Death, politics, and Heidegger’s Bremen remarks

O'Brien, Mahon (2021) Death, politics, and Heidegger’s Bremen remarks. The Southern Journal of Philosophy. ISSN 0038-4283

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Abstract

The controversy surrounding Heidegger’s remarks on the Holocaust in Bremen in 1949 erupted again recently, owing to some of the revelations concerning Heidegger’s antisemitism in recently published notebooks from the 1930s in particular. An overlooked dimension to this controversy within a controversy is the specific relationship between Heidegger’s account of being-towards-death in Being and Time and his remarks in Bremen in 1949. One of the most notorious passages from the Bremen lectures is best understood against the backdrop of Heidegger’s account of death in Being and Time where he distinguishes between the notions of death (as a way for Dasein to be) and perishing. In this article, we will revisit Heidegger’s account of being-towards-death and the concomitant notion of Dasein (as the way of being for the human being) before looking at the conflicting ways that he will invoke those ideas in subsequent work. We will further challenge the criticisms of Heidegger’s Bremen remarks in some recent literature and offer a competing interpretation.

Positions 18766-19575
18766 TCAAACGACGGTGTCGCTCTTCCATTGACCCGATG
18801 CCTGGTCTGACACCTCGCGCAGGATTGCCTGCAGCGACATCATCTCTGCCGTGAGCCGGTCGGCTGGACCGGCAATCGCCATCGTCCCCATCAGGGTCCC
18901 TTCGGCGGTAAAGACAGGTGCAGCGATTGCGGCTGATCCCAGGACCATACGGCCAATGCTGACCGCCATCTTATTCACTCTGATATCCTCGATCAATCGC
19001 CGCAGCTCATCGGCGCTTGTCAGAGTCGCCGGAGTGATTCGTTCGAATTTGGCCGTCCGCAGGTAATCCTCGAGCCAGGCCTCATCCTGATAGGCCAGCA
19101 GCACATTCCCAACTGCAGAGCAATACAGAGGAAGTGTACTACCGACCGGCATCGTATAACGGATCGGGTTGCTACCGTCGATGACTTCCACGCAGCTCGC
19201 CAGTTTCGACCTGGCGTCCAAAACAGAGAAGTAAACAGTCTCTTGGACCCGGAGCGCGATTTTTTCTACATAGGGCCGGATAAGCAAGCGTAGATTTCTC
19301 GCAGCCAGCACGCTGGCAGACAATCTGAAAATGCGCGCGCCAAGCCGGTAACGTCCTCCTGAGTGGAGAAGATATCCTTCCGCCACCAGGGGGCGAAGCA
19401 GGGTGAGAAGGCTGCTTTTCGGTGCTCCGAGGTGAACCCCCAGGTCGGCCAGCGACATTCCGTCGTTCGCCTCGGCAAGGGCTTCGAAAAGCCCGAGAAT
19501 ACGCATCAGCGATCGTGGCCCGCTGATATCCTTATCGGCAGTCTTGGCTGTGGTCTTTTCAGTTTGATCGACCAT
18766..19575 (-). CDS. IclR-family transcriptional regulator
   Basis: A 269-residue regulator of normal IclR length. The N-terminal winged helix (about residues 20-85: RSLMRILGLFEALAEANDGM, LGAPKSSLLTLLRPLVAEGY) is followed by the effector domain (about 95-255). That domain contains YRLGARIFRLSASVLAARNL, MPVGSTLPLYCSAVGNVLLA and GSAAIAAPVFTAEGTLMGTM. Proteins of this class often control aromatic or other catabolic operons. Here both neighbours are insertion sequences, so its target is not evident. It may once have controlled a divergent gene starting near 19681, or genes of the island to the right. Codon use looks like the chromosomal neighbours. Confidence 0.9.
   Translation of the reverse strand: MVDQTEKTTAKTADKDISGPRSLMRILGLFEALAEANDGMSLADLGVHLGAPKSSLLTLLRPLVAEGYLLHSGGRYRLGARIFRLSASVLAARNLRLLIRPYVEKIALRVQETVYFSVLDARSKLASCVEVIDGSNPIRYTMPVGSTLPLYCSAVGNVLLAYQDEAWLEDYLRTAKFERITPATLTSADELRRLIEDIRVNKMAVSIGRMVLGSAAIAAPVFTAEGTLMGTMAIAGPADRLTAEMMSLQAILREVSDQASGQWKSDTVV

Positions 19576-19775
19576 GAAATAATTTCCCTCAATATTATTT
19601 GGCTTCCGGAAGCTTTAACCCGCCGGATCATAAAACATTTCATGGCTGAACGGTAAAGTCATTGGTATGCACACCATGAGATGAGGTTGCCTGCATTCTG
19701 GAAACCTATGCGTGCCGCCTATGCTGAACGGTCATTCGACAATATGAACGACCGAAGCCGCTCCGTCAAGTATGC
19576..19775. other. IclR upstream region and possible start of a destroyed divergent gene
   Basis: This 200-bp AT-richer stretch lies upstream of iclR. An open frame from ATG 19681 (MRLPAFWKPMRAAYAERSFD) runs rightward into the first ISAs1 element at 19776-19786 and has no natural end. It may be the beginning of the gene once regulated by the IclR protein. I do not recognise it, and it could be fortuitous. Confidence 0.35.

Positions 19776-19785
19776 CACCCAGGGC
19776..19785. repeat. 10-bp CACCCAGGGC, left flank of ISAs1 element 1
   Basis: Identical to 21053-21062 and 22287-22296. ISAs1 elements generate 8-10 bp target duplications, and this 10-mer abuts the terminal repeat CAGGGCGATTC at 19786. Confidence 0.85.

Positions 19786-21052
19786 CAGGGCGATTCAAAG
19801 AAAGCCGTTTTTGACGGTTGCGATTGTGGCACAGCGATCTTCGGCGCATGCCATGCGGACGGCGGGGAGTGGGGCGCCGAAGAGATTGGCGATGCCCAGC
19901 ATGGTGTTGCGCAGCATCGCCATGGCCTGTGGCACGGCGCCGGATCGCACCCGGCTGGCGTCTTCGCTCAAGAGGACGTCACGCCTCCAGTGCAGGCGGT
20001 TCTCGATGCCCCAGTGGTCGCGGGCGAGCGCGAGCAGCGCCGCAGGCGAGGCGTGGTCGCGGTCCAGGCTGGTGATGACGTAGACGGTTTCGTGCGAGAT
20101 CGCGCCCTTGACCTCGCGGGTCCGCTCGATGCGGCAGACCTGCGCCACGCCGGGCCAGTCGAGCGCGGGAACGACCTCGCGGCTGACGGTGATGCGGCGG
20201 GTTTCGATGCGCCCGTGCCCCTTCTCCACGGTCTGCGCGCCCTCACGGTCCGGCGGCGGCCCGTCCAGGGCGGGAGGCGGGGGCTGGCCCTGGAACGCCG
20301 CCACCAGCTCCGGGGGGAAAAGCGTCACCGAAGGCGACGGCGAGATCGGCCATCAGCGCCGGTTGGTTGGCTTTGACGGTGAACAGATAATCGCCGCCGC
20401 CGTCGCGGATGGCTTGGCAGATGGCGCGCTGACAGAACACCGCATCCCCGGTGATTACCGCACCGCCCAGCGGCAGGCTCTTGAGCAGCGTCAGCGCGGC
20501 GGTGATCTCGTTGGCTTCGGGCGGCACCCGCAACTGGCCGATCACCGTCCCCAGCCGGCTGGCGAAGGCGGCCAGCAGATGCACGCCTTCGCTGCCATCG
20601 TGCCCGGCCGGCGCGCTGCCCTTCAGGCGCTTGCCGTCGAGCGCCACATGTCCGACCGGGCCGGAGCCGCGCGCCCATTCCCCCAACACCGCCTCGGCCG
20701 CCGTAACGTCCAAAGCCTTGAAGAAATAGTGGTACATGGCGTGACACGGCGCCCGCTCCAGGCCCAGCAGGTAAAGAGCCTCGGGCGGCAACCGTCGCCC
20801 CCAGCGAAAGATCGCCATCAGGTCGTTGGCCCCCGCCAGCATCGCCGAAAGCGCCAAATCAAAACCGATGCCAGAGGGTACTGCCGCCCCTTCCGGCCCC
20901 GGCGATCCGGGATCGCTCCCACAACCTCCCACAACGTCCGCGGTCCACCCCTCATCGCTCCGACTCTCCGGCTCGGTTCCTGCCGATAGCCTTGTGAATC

Item Type: Article
Keywords: Heidegger, Death, Politics, Holocaust, Antisemitism
Schools and Departments: School of History, Art History and Philosophy > Philosophy
SWORD Depositor: Mx Elements Account
Depositing User: Mx Elements Account
Date Deposited: 14 Jun 2021 08:43
Last Modified: 12 Aug 2021 11:30
URI: http://sro.sussex.ac.uk/id/eprint/99765

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